With Save Our Shows, you can cast your vote among dozens of network comedies and dramas that are “on the bubble” between renewal and cancellation.
Is there a show you can’t live without?
USA TODAY’s 22nd annual Save Our Shows survey gives you a voice. This year, 26 comedies and dramas on the major broadcast networks are “on the bubble” between renewal and cancellation. The list ranges from longer-running series including “Madam Secretary” and “Blindspot” to freshman shows “Whiskey Cavalier” and “The Passage” to remakes or revivals of “MacGyver” and “Murphy Brown.” Their fates will be determined by mid-May when the networks announce new lineups. But you can vote now.
The campaign, and other fan-centric efforts, can get results. NBC’s time-travel sci-fi series ‘Timeless,’ the winner of the 2017 and 2018 Save Our Shows polls, was rescued twice: First for a second season, days after it had been canceled, when then-NBC Entertainment chairman Robert Greenblatt credited Save Our Shows for the reprieve –.and again for a two-hour finale that aired last December.
Each network has different needs based on its performance: NBC, No. 1 among its target young-adult audience, has a deep bench, and has already renewed eight dramas including “Law & Order: SVU,” for a 21st season that will set a new drama record; “Manifest” is also a lock to return. Just three of its shows have uncertain fates and will compete against pilot episodes for potential new series that are vying to replace them. CBS, the most-watched network, has a dozen dramas that are already locks to return.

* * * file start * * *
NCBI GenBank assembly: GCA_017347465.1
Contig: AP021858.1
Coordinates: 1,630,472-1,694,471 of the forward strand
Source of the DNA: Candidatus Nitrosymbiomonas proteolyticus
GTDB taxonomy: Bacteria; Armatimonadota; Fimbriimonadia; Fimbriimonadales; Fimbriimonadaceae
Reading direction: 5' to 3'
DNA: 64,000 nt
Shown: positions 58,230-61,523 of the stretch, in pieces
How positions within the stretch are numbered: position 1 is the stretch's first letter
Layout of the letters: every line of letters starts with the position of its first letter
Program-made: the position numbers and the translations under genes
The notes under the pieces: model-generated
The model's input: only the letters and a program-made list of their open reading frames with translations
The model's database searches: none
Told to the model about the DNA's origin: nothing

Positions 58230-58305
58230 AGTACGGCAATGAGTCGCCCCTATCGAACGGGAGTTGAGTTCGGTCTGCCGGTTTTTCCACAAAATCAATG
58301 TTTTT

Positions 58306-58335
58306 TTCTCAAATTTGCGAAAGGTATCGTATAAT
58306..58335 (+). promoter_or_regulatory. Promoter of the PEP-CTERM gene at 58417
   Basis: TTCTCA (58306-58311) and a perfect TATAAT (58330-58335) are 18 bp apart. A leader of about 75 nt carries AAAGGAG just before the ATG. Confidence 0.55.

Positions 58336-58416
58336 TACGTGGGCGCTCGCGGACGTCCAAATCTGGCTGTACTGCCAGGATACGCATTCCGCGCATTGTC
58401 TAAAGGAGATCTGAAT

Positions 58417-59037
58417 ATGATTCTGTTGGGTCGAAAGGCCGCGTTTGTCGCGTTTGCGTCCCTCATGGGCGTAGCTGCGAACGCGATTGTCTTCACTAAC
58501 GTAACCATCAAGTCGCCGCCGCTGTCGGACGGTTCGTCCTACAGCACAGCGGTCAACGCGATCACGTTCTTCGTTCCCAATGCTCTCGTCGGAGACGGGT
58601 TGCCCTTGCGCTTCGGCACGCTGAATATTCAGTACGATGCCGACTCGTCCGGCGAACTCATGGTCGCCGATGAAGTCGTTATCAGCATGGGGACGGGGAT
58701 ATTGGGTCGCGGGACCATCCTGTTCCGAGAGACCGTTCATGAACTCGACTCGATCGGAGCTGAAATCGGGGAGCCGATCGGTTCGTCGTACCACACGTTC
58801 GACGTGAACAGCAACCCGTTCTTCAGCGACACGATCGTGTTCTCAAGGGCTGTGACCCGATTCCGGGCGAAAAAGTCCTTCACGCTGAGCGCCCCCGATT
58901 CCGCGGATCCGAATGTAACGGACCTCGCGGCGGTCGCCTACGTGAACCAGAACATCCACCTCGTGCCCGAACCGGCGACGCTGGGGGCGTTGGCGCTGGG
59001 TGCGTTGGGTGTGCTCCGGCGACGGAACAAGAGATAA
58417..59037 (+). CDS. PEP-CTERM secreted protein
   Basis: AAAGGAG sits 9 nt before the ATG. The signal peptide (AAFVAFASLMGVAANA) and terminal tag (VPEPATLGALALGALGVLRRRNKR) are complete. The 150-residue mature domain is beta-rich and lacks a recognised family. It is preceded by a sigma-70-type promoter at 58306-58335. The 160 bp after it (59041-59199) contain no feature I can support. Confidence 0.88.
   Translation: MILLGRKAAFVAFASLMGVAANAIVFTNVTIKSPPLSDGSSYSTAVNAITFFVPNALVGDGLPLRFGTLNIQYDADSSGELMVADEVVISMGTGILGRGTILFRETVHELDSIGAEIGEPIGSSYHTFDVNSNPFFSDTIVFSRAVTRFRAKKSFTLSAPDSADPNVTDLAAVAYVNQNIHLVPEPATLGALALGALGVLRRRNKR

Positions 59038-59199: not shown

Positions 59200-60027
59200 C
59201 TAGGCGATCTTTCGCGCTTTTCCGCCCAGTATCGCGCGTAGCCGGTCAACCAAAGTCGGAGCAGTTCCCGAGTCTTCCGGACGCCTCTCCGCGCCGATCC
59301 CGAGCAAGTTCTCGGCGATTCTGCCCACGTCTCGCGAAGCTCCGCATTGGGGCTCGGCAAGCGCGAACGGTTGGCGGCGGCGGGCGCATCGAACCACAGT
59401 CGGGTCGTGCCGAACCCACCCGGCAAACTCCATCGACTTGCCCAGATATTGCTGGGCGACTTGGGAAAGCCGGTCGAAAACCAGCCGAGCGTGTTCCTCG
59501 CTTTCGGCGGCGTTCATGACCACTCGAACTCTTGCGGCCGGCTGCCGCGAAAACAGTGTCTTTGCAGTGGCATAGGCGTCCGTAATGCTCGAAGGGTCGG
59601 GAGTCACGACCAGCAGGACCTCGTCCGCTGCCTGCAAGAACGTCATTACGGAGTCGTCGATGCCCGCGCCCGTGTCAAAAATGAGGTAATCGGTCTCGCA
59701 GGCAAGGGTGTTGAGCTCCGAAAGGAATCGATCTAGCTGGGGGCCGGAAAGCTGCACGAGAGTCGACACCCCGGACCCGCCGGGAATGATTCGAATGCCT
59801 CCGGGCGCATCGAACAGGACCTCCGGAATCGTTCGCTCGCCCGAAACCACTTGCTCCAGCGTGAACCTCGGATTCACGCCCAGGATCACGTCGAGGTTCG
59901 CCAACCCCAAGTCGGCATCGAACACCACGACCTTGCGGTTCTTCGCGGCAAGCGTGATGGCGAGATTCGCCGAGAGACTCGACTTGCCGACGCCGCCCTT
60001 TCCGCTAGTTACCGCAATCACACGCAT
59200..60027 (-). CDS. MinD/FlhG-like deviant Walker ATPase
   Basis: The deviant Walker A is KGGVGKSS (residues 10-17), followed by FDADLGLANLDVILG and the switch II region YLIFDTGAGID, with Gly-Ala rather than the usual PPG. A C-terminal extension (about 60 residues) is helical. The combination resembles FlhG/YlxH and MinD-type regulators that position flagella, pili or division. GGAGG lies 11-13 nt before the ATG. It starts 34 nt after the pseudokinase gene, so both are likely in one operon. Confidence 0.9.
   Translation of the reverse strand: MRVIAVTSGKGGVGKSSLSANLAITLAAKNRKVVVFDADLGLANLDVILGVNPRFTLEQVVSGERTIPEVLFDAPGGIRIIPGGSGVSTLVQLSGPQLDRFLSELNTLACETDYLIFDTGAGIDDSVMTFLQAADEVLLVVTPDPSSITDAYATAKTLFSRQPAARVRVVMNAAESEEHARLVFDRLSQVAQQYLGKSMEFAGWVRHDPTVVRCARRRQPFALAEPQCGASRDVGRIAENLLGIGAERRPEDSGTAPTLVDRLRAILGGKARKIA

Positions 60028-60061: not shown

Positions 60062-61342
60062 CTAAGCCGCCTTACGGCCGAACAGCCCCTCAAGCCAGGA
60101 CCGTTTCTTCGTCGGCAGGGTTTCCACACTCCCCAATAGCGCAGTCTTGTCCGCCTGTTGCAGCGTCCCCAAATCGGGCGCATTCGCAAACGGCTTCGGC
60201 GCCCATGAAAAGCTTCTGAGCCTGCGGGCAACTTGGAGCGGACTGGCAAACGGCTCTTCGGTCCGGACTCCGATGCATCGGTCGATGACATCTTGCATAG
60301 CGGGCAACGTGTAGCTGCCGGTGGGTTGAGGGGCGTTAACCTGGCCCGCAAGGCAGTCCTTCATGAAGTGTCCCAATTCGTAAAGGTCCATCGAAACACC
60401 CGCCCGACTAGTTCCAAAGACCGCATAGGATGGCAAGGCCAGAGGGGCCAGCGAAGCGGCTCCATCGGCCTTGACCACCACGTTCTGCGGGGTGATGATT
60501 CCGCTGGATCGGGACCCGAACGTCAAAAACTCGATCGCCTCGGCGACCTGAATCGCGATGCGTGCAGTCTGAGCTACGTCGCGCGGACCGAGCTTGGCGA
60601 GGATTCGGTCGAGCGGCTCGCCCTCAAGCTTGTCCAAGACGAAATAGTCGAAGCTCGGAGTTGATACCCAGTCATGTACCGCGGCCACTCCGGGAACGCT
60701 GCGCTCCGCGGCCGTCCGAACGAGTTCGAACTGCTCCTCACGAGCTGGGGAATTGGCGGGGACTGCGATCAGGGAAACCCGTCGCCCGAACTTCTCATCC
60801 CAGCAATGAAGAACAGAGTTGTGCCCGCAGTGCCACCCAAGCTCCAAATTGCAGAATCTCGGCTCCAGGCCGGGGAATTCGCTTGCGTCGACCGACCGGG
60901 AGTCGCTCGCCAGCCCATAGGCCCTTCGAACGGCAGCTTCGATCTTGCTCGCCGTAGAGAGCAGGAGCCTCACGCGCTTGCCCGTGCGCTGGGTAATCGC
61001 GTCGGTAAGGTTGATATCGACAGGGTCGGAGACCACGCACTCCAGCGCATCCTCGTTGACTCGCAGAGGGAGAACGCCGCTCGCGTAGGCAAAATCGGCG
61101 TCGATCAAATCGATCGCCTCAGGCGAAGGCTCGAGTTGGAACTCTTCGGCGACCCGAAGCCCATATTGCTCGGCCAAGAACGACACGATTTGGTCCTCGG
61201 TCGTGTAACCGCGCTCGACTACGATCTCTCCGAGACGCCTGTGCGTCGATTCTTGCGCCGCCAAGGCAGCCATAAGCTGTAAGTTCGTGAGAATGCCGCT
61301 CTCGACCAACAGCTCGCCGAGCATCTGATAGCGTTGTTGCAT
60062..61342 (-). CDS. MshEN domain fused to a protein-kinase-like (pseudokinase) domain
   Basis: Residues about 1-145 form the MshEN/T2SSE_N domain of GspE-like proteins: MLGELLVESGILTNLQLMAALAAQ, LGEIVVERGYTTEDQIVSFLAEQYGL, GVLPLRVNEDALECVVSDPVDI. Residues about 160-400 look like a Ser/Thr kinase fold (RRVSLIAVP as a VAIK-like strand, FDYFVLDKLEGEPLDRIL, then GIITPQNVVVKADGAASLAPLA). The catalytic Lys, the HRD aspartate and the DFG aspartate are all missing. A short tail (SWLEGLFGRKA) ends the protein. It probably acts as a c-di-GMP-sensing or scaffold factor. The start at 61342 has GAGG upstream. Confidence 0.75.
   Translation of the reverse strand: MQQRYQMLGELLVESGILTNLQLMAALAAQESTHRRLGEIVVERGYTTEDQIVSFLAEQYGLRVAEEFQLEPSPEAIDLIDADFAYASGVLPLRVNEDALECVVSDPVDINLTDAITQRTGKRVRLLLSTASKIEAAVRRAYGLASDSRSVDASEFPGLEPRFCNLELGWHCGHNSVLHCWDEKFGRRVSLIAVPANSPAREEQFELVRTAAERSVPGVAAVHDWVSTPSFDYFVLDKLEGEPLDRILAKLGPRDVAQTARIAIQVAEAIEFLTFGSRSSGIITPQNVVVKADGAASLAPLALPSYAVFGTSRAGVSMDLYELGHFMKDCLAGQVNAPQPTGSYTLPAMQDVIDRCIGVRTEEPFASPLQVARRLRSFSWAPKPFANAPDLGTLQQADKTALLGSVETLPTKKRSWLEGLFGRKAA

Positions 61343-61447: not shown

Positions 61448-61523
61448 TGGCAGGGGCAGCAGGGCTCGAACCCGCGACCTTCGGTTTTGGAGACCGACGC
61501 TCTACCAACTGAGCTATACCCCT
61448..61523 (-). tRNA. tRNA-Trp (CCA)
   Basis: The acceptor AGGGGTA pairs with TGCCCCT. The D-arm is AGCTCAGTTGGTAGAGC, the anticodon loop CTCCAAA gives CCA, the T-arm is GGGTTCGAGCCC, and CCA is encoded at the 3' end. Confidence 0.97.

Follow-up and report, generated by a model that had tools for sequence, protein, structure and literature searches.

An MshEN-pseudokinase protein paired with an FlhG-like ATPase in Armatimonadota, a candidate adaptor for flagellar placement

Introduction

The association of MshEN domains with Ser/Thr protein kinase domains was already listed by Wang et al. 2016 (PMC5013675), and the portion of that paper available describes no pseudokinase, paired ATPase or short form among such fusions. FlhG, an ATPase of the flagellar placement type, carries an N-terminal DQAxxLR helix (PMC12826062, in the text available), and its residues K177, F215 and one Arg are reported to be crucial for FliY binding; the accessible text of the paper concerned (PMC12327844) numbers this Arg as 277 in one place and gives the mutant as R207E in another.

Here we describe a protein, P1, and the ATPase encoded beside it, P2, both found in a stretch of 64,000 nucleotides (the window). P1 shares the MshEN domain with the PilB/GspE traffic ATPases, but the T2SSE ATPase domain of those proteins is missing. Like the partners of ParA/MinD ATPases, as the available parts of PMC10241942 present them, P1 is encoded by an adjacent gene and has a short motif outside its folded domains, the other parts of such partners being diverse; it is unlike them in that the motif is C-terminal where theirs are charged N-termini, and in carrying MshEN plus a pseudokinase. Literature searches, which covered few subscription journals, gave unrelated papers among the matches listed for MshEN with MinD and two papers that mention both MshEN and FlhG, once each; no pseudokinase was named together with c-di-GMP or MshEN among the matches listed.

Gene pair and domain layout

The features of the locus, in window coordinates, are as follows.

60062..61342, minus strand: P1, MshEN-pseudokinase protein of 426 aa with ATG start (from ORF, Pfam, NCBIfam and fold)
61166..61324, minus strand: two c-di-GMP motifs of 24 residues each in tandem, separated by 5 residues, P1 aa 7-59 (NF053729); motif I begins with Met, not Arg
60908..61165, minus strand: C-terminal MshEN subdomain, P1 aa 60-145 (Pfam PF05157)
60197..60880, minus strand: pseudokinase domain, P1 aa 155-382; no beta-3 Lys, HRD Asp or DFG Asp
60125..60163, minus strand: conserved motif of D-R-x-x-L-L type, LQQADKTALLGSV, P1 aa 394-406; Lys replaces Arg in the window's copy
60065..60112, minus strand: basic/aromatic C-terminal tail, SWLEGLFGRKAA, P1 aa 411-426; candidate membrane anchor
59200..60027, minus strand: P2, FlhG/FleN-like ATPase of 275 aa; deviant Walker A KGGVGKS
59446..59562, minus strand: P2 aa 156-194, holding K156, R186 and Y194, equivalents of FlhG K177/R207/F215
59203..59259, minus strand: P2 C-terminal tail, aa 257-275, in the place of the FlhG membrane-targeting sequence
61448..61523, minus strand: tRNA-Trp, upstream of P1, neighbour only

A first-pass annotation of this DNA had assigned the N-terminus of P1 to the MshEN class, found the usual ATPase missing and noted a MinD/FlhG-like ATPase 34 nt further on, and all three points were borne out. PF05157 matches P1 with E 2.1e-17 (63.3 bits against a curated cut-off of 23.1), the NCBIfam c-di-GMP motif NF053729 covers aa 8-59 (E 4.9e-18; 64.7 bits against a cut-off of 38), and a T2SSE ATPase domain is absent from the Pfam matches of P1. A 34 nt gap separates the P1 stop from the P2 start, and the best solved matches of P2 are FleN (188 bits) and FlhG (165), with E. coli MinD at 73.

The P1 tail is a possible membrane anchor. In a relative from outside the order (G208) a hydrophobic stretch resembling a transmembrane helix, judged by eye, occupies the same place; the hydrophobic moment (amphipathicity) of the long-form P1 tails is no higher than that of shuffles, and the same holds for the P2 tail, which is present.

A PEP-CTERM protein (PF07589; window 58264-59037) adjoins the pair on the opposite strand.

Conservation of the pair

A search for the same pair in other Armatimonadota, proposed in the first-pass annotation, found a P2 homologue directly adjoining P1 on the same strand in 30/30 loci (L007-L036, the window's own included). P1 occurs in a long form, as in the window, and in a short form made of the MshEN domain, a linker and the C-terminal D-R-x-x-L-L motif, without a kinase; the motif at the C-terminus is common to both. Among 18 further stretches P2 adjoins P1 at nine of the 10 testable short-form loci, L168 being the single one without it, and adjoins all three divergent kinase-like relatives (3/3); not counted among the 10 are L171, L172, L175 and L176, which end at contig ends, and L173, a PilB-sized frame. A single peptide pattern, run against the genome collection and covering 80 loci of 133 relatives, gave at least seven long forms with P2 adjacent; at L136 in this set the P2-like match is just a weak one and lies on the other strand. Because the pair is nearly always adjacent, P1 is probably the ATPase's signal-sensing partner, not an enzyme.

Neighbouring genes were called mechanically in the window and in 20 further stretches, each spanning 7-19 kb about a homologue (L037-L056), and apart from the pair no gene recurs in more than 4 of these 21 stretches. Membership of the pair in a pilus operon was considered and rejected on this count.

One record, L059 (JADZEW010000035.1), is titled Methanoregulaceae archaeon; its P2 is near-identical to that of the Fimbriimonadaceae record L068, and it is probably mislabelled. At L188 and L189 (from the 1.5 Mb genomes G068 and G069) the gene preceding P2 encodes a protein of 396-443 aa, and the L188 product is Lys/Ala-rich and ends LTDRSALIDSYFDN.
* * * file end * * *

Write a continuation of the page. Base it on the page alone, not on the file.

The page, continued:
In contrast, ABC has 10 endangered shows, but in a first for Save Our Shows, hasn’t ruled out any from coming back for new seasons. That uncertainty is a nod to the changes roiling the media business: NBC, ABC and Fox each named new programming chiefs within the last year. CW last fall expanded its schedule to six nights and has canceled fewer shows, while Fox gained “Thursday Night Football” and this fall adds “WWE SmackDown!,” lessening its need for scripted programming.
But networks are increasingly making early renewal decisions, and weighing whether shows stay or go are complicated by accelerating shifts in viewing. Streaming services have drained viewers, live viewership of entertainment programming has plunged and networks are more concerned with profitability than TV ratings as they depend more heavily on digital, on-demand or DVR-delayed viewing. (Streaming and cable series, which are renewed on a year-round basis, aren’t included in the survey).
Among spring series that have yet to premiere or are too new to include in the survey: ABC’s “The Fix” and “Bless This Mess”; CBS’s “The Code”; NBC’s “Abby’s”; and CW’s “In the Dark.”
Ending their runs this spring are TV’s top-rated comedy, “The Big Bang Theory,” Batman origin story “Gotham” and CW’s “Jane the Virgin” and “Crazy Ex-Girlfriend,” among others. And next spring will see the exits of four popular shows: “Modern Family,” “Criminal Minds,” “Supernatural” (after 15 seasons) and “Arrow,” CW’s first DC Comics-inspired series (and the first to end).
Among other top finishers in the 2018 poll, “Designated Survivor” was canceled by ABC but rescued by Netflix, and after Fox ditched “Brooklyn Nine-Nine,” NBC (which owns the series) scooped it up. “The Blacklist” won a two-season renewal at NBC, so it’s coming back, and CBS dramas “Criminal Minds” and “Elementary” also earned reprieves, but both will end after upcoming seasons.
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